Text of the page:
Learning to hear the voice of God in our hearts and minds is a practice that we get better at as we mature. We can not always be sure if we are merely talking to our higher selves or some other part of ourselves, or God. It is certain that often, it is not God.
But the question remains, does God ever enter into a conversational relationship with us? The common Christian answer is yes.
As part of my reading in Wilken’s Christian Ethics, I have come across John Hare’s list of principles for hearing the direct commands of God (as part of Divine Command Ethics). I found them very helpful, and added my own additional point. Enjoy.
God’s voice involves:
- Clarity: God’s communication is clear, specific, and persistent. Attempts to ignore it are not easily shaken.
- External Origin: God’s communication is experienced as extraordinary, and seen as not from ourselves. A common experience is “I would not have said that.”
- Familiarity: God’s voice is external, but yet familiar – like the self-authenticating witness of our sonship (Romans 8:16). This voice is learned over time as instruction, and is not merely an infantilizing command (Hebrews 6:1). It is participation with God in our growth and decision-making abilities. It brings maturity.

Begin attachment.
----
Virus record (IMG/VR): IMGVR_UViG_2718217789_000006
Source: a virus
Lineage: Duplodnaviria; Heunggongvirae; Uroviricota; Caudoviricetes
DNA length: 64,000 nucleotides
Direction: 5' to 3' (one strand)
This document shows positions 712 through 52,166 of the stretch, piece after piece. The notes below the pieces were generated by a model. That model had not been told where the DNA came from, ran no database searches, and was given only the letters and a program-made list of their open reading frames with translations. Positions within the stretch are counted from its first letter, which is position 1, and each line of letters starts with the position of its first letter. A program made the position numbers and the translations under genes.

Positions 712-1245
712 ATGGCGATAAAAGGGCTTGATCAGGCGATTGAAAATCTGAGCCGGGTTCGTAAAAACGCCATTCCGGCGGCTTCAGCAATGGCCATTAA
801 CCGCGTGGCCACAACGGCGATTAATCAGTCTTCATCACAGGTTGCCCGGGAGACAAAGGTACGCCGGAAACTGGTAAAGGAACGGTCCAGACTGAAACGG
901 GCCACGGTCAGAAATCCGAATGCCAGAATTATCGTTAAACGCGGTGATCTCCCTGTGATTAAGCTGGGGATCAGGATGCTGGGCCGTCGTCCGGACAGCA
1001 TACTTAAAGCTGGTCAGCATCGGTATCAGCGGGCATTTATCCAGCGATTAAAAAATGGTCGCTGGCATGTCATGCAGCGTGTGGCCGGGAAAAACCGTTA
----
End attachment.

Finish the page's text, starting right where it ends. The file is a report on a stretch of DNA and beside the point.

- Authority: God’s voice comes with moral authority and specific conviction (2 Corinthians 7:10).
- Providential Care: God’s counsel is given with patience and compassion, with love for our being and others as its motive.
- Corroborating Desire: Sometimes an over-active conscience can meet all of the criteria above, yet not be from God because, as Paul wrote, such a “weak” conscience is immature and not reflective of how God interacts with us (1 Cor. 13:1-13. Also, see my series on this religious pathology known as Scrupulosity). Rather, since we believe God is at work within us to will and to do his will (Philippians 2:13), we should expect any legitimate “voice” we hear has been preceded by a corresponding work of God in our hearts, giving us a positive desire for the work. If absent, we should table the communication as “probably not the voice of God.” While the case of Jonah and Nineveh may seem to contradict this principle, or at least show that in some cases God’s command initiates the change of heart and desire, as a victim of hyper-spiritualizing the perception of God’s voice, I find this principle a needed safeguard from abusing one’s self with unrealistic and non-God-initiated commands that are not in our hearts to do, yet defended as “cross-bearing.”
Any other meaningful principles of hearing the voice of God that you would like to add?